Bohemian “It Girl” of Paris, master of surrealist disguise and generally a badass female libertine, Leonor Fini was one of the most photographed people of the 20th century. And yet barely anyone I ask knows her name, even here in Paris, where she once ruled the bohemian Parisian art world, considered one of the few women to break into the French male-dominated surrealist movement.
Pictured here in her Paris studio in 1952, the glamorous Argentinian-born painter moved to the city of light in 1932 and quickly began running in the same circle as Salvador Dali, Max Ernst (one of her many lovers), Picasso and Henri Cartier-Bresson, commanding the attention of any social scene she entered with her imposing beauty, vivacious character and flamboyant style.
She had never had any artistic training and as a teenager, spent months at a time with her eyes bandaged shut after developing an ocular ailment. When the bandages were removed however, she had a deep urge to begin creatively expressing the inward visions she had experienced during her blindness, which led to her career as an artist painting women in positions of power and celebrating female sexuality. Never a slave to convention, she also produced the first erotic male nude ever painted by a woman, in 1942.
The art world was charmed by Fini and her unapologetic eroticism and began exhibiting her work alongside great surrealist names. She has been referred to as the female “Dali”, although I prefer to think of her as more of a Parisian Frida Kahlo. But Leonor rejected being labelled or belonging to any group, particularly the surrealist movement, which was founded by André Breton, an unrepentant misogynist who believed women could not hold a central position in art.
Even Salvador Dalí was once quoted in a patronising assessment of her work: “Better than most, perhaps. But talent is in the balls”.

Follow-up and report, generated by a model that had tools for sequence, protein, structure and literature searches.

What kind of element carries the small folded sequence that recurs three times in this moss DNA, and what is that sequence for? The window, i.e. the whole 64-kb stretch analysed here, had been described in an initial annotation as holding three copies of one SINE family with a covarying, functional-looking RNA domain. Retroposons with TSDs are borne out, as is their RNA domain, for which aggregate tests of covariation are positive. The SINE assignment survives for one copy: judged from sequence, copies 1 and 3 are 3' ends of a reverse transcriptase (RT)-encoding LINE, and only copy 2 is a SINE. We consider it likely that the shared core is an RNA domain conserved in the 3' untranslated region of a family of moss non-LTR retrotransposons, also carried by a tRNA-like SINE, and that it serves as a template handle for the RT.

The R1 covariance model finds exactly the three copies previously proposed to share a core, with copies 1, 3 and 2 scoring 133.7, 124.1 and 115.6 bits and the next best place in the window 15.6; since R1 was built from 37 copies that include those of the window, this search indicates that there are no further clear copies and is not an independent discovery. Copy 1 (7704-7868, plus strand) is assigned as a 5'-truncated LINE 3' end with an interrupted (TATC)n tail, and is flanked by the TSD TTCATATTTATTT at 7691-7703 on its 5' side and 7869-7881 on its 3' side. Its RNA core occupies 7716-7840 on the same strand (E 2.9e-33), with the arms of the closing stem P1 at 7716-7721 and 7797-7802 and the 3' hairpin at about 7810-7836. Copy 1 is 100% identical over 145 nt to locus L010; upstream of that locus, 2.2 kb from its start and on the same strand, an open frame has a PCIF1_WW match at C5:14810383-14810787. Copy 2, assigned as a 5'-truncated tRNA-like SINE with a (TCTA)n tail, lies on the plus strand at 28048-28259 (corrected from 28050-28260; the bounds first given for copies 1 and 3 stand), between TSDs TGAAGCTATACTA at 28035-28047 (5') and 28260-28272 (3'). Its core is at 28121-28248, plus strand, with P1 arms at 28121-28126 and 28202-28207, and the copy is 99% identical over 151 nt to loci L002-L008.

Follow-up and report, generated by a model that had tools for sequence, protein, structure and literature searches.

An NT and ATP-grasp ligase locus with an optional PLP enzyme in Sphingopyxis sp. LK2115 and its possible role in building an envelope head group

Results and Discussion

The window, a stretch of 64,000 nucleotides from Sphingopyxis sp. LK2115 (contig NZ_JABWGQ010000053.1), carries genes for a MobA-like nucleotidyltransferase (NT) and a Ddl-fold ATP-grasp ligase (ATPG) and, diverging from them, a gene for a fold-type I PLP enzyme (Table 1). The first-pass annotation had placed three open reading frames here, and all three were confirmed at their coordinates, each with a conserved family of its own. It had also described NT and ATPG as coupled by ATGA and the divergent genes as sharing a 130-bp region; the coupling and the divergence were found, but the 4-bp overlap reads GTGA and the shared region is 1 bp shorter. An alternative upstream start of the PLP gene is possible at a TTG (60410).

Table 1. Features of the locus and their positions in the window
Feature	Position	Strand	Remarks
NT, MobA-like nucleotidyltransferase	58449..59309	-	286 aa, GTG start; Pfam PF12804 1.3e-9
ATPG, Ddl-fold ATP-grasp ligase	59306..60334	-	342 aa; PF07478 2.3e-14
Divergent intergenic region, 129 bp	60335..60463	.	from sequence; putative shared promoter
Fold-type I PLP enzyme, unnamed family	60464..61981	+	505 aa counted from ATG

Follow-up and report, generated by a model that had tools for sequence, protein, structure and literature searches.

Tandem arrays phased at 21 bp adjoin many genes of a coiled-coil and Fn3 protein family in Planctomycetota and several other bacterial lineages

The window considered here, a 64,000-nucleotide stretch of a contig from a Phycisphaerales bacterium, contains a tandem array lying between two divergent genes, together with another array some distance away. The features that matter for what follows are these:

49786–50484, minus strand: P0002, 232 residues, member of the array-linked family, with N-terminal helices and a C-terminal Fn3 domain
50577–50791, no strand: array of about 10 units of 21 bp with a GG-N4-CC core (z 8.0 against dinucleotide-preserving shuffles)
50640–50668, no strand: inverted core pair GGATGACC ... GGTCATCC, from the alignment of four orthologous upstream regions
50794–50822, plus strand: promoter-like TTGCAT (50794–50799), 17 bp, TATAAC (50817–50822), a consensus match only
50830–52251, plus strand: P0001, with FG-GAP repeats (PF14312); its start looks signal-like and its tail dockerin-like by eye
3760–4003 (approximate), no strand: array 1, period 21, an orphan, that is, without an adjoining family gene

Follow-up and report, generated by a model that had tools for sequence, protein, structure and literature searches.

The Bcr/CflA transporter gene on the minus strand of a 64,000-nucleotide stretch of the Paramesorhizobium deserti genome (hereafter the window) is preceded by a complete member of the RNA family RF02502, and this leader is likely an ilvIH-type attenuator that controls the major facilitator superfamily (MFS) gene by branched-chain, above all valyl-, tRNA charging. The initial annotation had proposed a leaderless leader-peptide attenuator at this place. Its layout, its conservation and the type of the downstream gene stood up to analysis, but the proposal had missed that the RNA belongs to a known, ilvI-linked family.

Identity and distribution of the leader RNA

A feminist before her time and fiercely independent, Fini paved her own path. She was happy to be an outsider. Besides being a talented painter and a muse to so many of her surrealist peers, she also designed for the fashion world and created elaborate sets for the theatre and opera.
Fini was also the creator behind the iconic perfume bottle of Elsa Schiaparelli’s “Shocking”, which later became the indisputable inspiration for Jean Paul Gaultier’s famous perfume bottles (picture to the left of Fini’s original silhouette bottle design below).
Leonor was once one of the most recognisable faces of bohemian Parisian society. She was at every party worth going to, garnering the spotlight in her extravagant outfits and appearing in all the society magazines around the world.
Fini pictured with Brigitte Bardot.
Fini, right with her inner circle.
Fini’s eccentric “It Girl” image was often more familiar than her art, and she was more talked about posthumously for her eccentric lifestyle, open sexuality and infamous menage-a-trois relationships.
Openly bisexual and anti-marriage, she once said:
“Marriage never appealed to me, I’ve never lived with one person. Since I was 18, I’ve always preferred to live in a sort of community – A big house with my atelier and cats and friends, one with a man who was rather a lover and another who was rather a friend. And it has always worked.”
Until her death in 1996 she lived in her Parisian apartment with her two lovers and beloved seventeen Persian cats, who shared her bed and, at mealtimes, were allowed to roam the dining-table selecting tasty morsels (the cats, that is).
In her final years however, Fini’s stock had fallen so much that the French government refused to accept her paintings in lieu of back taxes owed by her estate. In a world that had wanted to maintain that creativity is a male attribute, Leonor Fini and her art had fallen into obscurity.
The Art Dealers Association of America called her “…the most undervalued artist of the 20th Century”.
So I think it’s time to rescue this forgotten Parisian “Frida Kahlo” from obscurity. Let’s get familiar if you’re not already, with the legacy and art of a lost bohemian queen of the Paris art world…
Portrait de femme, 1941, self portrait.
In 2011, a book was released on Fini written by her friend and art critic Peter Webb. Sphinx: The Life and Art of Leonor Fini is a surprising and beautiful addition to any coffee table that likes to introduce its guests to forgotten icons of the past.